Law firm advertising is expensive and certain methods may be cost-prohibitive for small firms. For instance, a small firm may not be able to afford a television or print campaign. Enter online marketing including, among other things, Google AdWords and sponsored links. In 2009, a law firm filed a lawsuit in Wisconsin state court challenging certain marketing strategies as an invasion of privacy, as defined in the Wisconsin privacy statute. Luckily for consumers and small firms, the court disagreed.
The case involved the two most prominent personal injury firms in Wisconsin. One of them, Cannon & Dunphy, used a Google AdWords PPC (price-per-click) strategy (and other search engines) to bid on the name of the state’s largest personal injury firm, Habush, Habush & Rottier. In other words, when a user would search the terms Habush or Rottier, a Cannon & Dunphy link would show up in the shaded section as a Sponsored Link.
Habush sued Cannon, alleging that Cannon’s online marketing campaign violated Wis. Stat. §995.50. That statute prohibits “the use, for advertising purposes or for purposes of trade, of the name . . . of any living person, without having first obtained the written consent of the person,” and provides a cause of action where such an invasion of privacy was unreasonable.
The result of the litigation, after the jump….
The court’s decision turned on the issue of the reasonableness of Cannon’s ad campaign. The court considered several factors in its analysis, including consumer confusion, standard and historic methods of competition, secondary meaning of Habush and Rottier, and ethical considerations. Weighing these factors, the court held that Cannon’s tactics were not unreasonable and granted summary judgment in their favor. (To read the full opinion, click here.)
Legal marketer Ross Fishman, CEO of Fishman Marketing Inc. and blogger, testified as an expert for the defendants. He described the case as a “must-win case for consumers” because of the “potential chilling effect upon the freedom of law firms to market online.” In addition to harming consumers, the case could have had a negative impact on small firms due to the “disparity between small firms and big firms with big marketing budgets.”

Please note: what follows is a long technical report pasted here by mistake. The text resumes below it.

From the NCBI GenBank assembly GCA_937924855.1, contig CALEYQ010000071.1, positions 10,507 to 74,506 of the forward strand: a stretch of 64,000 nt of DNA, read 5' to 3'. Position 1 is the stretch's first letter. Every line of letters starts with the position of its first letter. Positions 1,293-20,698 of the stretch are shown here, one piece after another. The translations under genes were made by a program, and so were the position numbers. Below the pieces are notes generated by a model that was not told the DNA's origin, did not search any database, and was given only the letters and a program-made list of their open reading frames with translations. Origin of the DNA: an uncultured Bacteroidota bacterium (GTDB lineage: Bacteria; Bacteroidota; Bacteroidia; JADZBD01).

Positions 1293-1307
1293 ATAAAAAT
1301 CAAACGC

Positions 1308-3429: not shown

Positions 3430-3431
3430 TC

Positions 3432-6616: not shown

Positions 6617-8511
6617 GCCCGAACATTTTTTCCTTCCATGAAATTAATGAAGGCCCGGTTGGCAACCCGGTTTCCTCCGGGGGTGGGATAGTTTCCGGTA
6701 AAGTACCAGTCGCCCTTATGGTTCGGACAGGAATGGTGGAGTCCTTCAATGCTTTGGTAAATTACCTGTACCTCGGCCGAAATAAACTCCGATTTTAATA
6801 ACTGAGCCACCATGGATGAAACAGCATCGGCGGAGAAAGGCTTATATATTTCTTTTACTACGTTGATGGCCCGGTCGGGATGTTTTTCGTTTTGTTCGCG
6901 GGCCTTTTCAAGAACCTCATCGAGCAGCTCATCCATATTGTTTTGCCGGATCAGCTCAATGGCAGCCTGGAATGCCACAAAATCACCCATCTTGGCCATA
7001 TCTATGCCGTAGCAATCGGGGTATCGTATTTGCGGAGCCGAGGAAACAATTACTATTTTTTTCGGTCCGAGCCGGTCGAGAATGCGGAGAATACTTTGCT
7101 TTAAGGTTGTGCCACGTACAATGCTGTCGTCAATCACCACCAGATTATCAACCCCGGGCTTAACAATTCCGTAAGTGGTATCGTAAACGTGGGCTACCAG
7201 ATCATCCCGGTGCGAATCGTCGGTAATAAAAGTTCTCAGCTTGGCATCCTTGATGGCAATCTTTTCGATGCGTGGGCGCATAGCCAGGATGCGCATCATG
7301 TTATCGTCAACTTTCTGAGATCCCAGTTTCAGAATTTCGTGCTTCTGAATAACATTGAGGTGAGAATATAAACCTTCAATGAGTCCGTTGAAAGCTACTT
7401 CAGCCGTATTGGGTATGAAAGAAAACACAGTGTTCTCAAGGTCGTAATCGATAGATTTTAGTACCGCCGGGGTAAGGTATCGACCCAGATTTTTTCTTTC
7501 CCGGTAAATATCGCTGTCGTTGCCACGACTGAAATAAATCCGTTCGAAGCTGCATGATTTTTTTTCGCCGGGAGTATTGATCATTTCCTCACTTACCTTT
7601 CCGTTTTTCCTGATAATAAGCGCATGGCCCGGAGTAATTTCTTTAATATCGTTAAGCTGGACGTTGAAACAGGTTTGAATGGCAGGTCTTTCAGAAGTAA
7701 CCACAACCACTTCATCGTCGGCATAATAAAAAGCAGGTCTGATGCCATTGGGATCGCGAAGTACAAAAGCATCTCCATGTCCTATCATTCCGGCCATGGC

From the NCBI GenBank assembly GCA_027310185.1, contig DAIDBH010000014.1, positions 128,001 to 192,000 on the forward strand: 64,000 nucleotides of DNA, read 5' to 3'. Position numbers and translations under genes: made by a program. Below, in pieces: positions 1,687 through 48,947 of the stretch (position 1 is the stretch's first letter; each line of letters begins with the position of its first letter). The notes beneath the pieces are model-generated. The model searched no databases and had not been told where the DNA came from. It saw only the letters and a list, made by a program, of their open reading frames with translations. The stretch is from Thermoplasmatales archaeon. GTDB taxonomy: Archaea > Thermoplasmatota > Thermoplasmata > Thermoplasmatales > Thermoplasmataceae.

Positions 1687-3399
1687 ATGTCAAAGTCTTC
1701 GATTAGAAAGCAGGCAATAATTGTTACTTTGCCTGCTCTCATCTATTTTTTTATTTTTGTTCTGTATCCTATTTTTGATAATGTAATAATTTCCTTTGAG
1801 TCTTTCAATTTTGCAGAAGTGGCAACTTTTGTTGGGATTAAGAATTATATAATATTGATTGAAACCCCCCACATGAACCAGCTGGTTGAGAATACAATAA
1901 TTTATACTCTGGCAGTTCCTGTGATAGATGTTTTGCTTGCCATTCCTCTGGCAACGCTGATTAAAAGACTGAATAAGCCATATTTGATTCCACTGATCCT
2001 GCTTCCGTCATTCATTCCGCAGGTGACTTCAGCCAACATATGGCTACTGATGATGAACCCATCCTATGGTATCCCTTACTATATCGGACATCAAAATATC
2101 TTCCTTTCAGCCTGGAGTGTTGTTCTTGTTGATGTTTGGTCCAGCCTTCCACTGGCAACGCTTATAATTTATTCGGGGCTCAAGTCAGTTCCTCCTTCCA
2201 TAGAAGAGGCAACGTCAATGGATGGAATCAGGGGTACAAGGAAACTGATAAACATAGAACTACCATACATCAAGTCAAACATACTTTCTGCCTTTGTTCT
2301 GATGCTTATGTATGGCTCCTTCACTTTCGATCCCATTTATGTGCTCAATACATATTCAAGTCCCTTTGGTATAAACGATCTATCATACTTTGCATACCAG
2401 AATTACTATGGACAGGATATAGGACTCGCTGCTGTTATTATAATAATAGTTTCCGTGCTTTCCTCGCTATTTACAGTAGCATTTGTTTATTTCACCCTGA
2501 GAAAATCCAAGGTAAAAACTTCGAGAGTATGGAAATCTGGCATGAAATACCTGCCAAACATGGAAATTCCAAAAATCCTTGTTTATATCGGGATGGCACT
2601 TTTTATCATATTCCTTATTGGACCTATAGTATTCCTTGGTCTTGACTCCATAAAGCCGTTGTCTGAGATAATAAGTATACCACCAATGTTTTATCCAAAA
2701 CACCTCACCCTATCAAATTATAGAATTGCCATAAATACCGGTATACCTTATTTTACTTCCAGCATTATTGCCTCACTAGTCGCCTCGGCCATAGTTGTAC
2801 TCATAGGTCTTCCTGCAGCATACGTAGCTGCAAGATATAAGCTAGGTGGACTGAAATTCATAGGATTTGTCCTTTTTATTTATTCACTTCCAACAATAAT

In his testimony, Fishman blessed Cannon’s marketing campaign for three reasons:
1. It offered consumers more choice, which is important,
2. It helped small, skilled firms compete against the big-dollar advertisers, and
3. It was aggressive, but not unreasonably so, nor was it unethical.
Fishman explained the importance of the court’s decision as follows:
I think this is a big win for consumers looking for lawyers. Injured victims who conduct Google searches for the large or well-known law firms because they don’t know about any other lawyers, now can get valuable information about additional options and choices. If the plaintiffs had won, it would have kept valuable information away from the most vulnerable clients and consumers of legal services.
Bill Cannon and Pat Dunphy just won the right for other attorneys to use Sponsored Links to compete against them! And they don’t mind, they understand it’s good for the consumers and for the legal profession, and are willing to have their credentials compared directly with other firms.
If you are aware of any other recently decided cases affecting small firms, please feel free to email me.
When not writing about small law firms for Above the Law, Valerie Katz (not her real name) works at a small firm in Chicago. You can reach her by email at Valerie.L.Katz@gmail.com and follow her on Twitter at @ValerieLKatz.